Michigan’s special teams coordinator leaves

Angelique S. Chengelis
The Detroit News

Michigan coach Jim Harbaugh’s football staff has lost its second assistant coach.

John Baxter, who coordinated Michigan’s special teams for last season and earned $350,000 in the first year of a three-year contract, has rejoined the USC staff, the school announced Thursday. He worked for the Trojans from 2010-2013.

“He is one of the most respected coaches in our profession at any position,” USC coach Clay Helton said in a statement. “His units have been near the top of the collegiate special team efficiency rankings almost every year. Having worked alongside him in the past, I know coach Baxter as one of the best teachers and skill developers in football today.”

D.J. Durkin, Michigan’s defensive coordinator during the 2015 regular season, left last month to become head coach at Maryland.

Baxter, 52, was a big reason Michigan’s special teams saw improvement this past season. The Wolverines were ranked third nationally in kickoff returns.

Many of the Michigan players also praised Baxter’s “Academic Gameplan,” which he authored. Receiver Jehu Chesson spoke of it several times, saying it helped him become a better manager of time, and he had a better understanding of how to be more efficient with his academics and football.

During his previous work at USC, Baxter was associate head coach and special teams coordinator, and he coached tight ends in 2013.

So what will Harbaugh do? Defensive line coach Greg Mattison, Michigan’s defensive coordinator from 2011-14, coordinated the defense during the bowl season, and director of player personnel Chris Partridge coached linebackers. But with the addition of Don Brown as defensive coordinator, Harbaugh’s staff was at full capacity before Baxter’s departure.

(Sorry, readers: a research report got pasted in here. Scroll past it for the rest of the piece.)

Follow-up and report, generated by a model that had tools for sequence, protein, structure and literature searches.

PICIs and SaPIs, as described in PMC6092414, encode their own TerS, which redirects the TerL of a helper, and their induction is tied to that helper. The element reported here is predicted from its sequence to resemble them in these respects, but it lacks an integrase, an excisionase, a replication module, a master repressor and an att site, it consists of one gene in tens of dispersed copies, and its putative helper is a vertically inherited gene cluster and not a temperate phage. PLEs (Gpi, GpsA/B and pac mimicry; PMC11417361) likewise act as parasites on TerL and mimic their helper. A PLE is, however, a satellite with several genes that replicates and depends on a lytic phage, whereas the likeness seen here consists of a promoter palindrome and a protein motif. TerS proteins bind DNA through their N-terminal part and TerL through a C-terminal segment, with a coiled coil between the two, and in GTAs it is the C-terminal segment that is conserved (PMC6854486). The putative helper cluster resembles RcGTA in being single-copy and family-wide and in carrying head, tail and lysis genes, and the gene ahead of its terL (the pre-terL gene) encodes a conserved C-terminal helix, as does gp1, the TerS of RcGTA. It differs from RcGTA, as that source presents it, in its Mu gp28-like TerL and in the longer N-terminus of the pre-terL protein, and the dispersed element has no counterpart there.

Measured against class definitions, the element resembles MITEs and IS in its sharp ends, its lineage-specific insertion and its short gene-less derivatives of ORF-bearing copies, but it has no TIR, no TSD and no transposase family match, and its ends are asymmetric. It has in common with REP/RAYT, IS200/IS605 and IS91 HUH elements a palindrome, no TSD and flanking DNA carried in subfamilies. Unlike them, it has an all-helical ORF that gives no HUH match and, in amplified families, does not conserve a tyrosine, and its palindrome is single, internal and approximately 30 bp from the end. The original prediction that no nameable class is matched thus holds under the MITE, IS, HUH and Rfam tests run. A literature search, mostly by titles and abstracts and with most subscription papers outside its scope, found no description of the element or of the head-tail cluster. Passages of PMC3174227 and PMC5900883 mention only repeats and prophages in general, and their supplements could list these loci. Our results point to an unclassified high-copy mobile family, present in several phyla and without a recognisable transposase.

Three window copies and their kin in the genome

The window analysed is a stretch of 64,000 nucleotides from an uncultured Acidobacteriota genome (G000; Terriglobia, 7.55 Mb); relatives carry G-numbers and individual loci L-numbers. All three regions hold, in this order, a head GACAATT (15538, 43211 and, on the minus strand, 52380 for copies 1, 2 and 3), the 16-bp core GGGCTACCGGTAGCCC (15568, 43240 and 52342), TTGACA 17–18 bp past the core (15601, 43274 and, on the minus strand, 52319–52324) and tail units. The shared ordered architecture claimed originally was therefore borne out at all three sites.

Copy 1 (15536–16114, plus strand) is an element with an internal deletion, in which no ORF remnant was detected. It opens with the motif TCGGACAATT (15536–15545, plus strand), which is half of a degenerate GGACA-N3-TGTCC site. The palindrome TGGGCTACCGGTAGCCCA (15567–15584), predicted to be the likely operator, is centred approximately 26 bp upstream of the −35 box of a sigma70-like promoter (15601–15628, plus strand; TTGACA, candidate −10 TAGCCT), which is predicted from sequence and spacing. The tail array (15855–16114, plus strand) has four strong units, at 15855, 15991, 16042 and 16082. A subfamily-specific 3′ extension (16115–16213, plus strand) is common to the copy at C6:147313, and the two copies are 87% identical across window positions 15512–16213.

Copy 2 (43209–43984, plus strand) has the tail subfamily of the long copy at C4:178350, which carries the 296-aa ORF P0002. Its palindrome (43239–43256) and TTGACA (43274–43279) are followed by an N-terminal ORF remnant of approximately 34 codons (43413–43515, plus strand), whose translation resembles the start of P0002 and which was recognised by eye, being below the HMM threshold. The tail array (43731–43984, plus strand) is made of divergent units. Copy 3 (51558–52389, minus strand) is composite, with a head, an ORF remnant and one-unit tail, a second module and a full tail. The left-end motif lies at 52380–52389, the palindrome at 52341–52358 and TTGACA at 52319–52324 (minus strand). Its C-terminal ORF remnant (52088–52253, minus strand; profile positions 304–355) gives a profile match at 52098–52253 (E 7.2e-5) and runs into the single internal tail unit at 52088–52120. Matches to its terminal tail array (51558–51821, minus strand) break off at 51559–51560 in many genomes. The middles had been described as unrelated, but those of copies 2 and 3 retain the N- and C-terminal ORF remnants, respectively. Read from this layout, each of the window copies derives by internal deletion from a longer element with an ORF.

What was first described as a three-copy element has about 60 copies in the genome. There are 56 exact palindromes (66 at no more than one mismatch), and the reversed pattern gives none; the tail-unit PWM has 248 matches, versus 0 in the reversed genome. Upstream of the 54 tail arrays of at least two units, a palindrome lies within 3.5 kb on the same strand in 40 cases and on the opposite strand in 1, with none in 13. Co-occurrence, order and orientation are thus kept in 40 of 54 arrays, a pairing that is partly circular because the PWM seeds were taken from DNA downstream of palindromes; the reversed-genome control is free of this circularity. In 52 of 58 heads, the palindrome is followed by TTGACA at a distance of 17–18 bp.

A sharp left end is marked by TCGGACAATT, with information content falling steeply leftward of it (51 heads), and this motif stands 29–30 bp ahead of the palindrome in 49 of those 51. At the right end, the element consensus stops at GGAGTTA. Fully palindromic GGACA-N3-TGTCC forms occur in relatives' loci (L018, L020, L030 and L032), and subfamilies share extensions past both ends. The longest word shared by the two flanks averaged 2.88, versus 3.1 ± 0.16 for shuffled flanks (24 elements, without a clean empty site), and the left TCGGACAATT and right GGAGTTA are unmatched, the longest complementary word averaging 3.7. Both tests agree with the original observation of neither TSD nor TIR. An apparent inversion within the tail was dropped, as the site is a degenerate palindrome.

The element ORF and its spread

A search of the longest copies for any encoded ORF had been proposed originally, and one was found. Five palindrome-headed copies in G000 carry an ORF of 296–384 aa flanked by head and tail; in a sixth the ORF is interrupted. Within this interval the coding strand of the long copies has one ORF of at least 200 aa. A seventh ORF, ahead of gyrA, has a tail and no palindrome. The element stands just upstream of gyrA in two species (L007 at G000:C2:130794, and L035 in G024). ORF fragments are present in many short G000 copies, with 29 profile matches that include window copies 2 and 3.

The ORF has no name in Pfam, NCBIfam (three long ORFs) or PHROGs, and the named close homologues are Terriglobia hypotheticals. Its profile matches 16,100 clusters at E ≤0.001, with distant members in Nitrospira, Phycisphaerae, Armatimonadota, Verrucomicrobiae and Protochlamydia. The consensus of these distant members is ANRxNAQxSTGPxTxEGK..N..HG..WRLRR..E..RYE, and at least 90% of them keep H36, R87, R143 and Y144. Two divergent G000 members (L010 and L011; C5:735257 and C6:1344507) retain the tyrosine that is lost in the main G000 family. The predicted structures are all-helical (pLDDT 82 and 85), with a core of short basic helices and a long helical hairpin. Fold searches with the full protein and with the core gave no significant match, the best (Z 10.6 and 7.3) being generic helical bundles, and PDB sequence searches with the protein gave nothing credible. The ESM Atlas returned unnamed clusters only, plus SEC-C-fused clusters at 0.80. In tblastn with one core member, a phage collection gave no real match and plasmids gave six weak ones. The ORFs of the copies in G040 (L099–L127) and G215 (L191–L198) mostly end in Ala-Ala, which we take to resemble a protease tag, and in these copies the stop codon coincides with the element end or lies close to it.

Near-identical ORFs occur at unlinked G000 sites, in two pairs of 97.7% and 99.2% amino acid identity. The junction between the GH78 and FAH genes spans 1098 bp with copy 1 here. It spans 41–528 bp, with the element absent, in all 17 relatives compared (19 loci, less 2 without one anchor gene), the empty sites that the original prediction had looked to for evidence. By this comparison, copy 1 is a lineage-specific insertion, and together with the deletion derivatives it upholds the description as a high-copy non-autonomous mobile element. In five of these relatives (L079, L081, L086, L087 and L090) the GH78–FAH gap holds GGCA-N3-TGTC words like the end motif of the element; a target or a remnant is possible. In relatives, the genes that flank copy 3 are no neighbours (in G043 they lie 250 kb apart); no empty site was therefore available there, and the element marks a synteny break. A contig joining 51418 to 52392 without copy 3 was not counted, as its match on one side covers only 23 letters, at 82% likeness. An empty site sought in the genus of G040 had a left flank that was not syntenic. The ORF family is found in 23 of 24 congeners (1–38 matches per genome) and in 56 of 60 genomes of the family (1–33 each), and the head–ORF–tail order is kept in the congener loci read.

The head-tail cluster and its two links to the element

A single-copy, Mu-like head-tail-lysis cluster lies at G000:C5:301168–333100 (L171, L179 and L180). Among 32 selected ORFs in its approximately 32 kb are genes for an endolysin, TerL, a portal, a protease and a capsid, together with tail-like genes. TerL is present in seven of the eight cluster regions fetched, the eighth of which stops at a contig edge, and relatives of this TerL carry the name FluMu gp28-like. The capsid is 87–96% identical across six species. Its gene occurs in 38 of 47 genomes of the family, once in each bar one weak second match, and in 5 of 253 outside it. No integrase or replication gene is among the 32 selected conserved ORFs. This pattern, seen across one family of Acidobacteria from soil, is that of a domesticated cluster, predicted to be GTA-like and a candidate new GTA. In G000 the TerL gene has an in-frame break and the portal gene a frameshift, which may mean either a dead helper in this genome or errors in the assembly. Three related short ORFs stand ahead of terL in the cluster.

Harbaugh called Partridge, formerly the head coach at Paramus (N.J.) Catholic, “a rising superstar” late last month while speaking to a small group of reporters after his radio show.

“If I had one more spot, another spot on the coaching staff, it would be Chris Partridge,” Harbaugh said last month. “I’ve really been that impressed with him as a coach.”

Harbaugh alluded to the college and NFL hiring cycles and suggested anything could happen.

“It can’t be soon enough to get Chris Partridge as a full-time coach,” Harbaugh said. “Worst-case scenario, I could see him being in multiple roles — director of player development, coach, analyst on the football side. I think he’s really talented.”

He also has impressed Harbaugh with his recruiting abilities.